@lol I find it a little funny that there are only 2 engineering courses on this list… and in reality there’s actually only 1 – Engineering Graphics has absolutely nothing to do with engineering (I’ve taken it)

  • Anonymous says:

    @Anonymous I laughed when Physiology was up there in the list. Such an easy A. Just don’t attend lectures.

  • i'd also add- says:

    @i'd also add- Jose Ruiz Campillo for spanish-he’s brilliant, hysterical, low pressure, and you learn so much without even realizing because you’re having a blast-that’s not meant to sound lazy, it’s just a total boon in a language class.

    Also, any english class with Victoria Rosner, especially Fin de Siecle. She is INCREDIBLE-wonderful lecturer, very funny lady, chooses amazing readings, very accessible during office hours, and really helps you get the best out of yourself in general. Just really, really great.

    1. Anonymous says:

      @Anonymous you are so Eva

      1. Anonymous says:

        @Anonymous HI EVA!

        1. listen you guys says:

          @listen you guys i’m just being miley

  • MechE says:

    @MechE mechatronics

  • Yes says:

    @Yes Como is great! His course on Japanese Religious Traditions course might be a better suggestion though (Fall semester course)

  • Mowshowitz's Immunology says:

    @Mowshowitz's Immunology For the love of God, yes.

  • Anonymous says:

    @Anonymous Lila Abu-Lughod is a brilliant writer and anthropologist, but she’s far from the best teacher. Women and Gender Politics is pretty disorganized and disjointed, and it really compromises the quality of the course. The content is interesting, but that almost makes it more frustrating. I think there are much better Women’s Studies classes to be taken….

  • Chemistry says:

    @Chemistry Scott Snyder: Organic Chemistry I and II.
    Hands down the best lecturer ever

  • Anonymous says:

    @Anonymous Shitty list.

  • Anonymous says:

    @Anonymous Khalidi’s “History of the Modern Middle East” should be on that list! It’s Global Core…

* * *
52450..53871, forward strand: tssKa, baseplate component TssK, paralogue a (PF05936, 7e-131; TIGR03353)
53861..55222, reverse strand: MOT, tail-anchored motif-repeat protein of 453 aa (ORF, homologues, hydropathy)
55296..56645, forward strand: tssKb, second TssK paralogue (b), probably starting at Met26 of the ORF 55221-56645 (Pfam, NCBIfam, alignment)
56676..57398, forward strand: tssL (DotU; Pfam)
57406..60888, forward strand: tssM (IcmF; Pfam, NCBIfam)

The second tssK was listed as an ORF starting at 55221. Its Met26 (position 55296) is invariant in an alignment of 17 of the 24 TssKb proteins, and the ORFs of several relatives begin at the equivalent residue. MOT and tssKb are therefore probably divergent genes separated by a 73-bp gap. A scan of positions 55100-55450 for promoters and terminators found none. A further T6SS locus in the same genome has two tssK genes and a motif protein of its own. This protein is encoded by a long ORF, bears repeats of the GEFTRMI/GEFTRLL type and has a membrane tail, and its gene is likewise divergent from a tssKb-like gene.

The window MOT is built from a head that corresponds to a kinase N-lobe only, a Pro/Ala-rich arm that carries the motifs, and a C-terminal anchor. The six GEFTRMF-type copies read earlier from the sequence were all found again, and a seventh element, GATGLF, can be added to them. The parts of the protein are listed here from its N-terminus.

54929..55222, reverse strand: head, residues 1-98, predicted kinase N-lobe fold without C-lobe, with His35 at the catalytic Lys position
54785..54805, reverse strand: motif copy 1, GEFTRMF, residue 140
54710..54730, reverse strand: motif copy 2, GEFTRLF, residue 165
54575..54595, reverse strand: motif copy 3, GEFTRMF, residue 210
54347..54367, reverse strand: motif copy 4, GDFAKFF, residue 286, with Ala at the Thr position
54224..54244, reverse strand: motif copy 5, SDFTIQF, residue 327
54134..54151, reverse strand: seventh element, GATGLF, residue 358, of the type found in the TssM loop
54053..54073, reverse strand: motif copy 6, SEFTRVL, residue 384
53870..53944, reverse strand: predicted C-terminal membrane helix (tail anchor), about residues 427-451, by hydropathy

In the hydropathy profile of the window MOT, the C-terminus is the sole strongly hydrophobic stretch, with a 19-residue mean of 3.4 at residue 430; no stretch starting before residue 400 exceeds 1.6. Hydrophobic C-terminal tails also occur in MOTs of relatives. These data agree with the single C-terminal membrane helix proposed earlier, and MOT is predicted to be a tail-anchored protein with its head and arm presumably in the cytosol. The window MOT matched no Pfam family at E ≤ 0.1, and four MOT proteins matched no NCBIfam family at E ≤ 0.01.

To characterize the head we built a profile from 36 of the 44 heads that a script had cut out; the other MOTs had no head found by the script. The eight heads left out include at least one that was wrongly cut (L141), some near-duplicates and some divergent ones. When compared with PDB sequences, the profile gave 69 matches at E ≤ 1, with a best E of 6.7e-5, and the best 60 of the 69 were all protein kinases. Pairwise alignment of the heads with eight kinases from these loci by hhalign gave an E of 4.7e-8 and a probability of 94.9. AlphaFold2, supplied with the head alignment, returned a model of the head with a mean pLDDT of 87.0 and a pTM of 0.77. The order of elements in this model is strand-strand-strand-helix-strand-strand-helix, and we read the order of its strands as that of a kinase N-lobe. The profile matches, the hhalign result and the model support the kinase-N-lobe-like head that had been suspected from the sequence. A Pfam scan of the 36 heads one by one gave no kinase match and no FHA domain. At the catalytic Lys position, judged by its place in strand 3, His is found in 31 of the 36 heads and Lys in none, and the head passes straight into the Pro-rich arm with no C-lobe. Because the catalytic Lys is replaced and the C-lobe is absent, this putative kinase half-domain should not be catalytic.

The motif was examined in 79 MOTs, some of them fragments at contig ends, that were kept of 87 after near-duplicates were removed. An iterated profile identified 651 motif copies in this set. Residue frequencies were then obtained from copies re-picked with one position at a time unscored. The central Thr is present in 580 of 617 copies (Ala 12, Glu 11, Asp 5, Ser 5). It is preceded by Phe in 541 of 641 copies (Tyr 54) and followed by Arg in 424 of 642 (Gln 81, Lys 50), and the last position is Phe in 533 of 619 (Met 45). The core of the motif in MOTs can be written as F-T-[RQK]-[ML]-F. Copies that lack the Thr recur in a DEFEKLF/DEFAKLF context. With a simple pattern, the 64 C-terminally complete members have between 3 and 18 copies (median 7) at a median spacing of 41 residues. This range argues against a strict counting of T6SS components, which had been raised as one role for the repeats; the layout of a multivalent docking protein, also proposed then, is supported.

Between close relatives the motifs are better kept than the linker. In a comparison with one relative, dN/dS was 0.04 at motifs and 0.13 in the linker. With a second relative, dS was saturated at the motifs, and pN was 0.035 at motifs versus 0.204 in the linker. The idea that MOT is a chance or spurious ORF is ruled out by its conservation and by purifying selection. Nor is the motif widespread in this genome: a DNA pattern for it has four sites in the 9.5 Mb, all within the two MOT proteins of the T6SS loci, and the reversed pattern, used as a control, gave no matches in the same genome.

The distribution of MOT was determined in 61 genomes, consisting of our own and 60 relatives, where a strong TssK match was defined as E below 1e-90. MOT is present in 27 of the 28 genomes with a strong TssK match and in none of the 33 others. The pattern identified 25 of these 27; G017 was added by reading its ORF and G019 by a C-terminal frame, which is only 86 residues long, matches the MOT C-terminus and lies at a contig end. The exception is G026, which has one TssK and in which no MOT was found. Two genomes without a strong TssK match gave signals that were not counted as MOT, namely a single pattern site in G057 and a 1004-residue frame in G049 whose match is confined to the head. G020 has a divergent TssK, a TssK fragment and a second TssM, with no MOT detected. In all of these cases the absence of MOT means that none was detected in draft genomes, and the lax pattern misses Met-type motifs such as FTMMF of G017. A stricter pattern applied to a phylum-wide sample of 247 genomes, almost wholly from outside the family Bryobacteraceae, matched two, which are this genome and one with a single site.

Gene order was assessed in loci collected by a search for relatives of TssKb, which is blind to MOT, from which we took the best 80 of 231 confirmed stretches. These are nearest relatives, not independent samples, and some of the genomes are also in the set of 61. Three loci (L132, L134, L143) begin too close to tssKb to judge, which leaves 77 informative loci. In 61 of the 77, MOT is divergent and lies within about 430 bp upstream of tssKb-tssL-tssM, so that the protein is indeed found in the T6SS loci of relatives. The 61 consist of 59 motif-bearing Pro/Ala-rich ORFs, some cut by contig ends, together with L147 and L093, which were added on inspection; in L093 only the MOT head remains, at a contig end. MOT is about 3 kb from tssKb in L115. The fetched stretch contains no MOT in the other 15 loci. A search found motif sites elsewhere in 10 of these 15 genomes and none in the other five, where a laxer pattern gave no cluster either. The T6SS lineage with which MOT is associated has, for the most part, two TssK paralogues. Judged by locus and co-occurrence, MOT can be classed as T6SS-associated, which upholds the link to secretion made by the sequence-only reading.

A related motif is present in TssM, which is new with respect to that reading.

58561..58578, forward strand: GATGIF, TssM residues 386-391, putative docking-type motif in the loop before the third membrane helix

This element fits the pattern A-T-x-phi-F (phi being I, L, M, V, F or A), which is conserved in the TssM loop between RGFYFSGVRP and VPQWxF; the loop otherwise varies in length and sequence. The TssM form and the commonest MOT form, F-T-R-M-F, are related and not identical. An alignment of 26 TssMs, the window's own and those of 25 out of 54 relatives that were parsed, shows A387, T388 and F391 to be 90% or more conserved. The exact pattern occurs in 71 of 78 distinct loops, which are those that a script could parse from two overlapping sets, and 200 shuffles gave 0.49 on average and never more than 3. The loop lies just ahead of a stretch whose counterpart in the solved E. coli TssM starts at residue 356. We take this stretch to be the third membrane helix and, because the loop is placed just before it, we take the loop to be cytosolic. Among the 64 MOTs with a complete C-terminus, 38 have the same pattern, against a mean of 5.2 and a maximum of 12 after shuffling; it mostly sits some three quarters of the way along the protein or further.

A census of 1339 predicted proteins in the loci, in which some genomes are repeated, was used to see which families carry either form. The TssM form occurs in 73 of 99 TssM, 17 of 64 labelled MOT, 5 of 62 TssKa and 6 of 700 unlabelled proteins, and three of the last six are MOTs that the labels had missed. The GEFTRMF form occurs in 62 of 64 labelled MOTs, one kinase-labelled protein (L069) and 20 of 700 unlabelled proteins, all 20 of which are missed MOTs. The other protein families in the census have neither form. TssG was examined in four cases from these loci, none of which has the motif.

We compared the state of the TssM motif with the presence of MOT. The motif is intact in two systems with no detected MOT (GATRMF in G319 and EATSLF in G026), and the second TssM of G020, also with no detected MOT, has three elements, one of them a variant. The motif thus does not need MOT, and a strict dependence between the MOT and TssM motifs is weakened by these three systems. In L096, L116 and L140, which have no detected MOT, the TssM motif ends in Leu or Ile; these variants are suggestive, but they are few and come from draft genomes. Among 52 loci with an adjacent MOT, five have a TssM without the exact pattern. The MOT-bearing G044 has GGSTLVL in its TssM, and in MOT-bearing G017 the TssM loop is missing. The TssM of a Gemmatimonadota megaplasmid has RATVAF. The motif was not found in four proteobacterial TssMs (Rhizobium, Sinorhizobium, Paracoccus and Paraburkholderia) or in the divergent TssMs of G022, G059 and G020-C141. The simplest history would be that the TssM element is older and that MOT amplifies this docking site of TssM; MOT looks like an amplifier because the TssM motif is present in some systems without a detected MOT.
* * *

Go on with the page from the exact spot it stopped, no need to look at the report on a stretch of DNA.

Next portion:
• Lee Bollinger says:

    @Lee Bollinger RYAN CHANEY!!!!!

  • Anonymous says:

    @Anonymous Mark Lilla is a genius. Changed my life, no kidding. :)

  • no no no says:

    @no no no Physio? Really? Easyish A, but she can’t lecture for shit. Three-fourths of the class walk out after each weekly quiz.

    And nooo to Orgo. Snyder is alright, but I don’t get how people love him.

  • AWN says:

    @AWN Islam is not to be missed.

  • Anonymous says:

    @Anonymous Organic Chemistry – Nicholas Turro

    Intro to Matlab – Itsik Pe’er

    Intro to Ear Training – Patrick Zimmerli

    Calc III – Josh Greene

    Calc IV – Ovidiu Savin

  • !!! says:

    @!!! mamdani is hands down the best professor i’ve had at columbia

  • Yes on Awn says:

    @Yes on Awn Another voice to recommend Dean Awn’s amazing Islam class. Far and away the best class I’ve had at Columbia so far. I’d even recommend it to people who wouldn’t otherwise be interested in the subject, simply because Awn’s lectures are so incredible. Take that class!

  • Also says:

    @Also Judith Russell is another great Columbia professor. Very smart, she frequently goes off on tangents but is always entertaining and at the end of the semester as I was writing my final paper I realized I’d learned a lot more than I thought I had. Plus I don’t know if I’ve run into another professor who cares so much about students. She is always available to help out, and has frequently helped students applying for political internships. Smart + nice = worth taking any of her classes

  • Kay Achar says:

    @Kay Achar The enrollment cap on POLS W4871, Chinese Foreign Politics, is being raised. If you were unable to add the course because it was full, spaces should be available beginning Friday, January 21.

  • Anonymous says:

    @Anonymous gulati!!!!!! l0ooveee that man

  • Anonymous says:

    @Anonymous Agreed! Immunology is a great class!

    But why is Physio on this list?

  • E3B says:

    @E3B JILL SHAPIRO PRIMATE ANATOMY! Take it. SO much fun and she is INCREDIBLE. Favorite class I’ve taken.

  • Yess says:

    @Yess Awn for Islam. Brilliant lecturer. Heavy reading, but even that is all very interesting. You come away feeling like a subject-matter expert.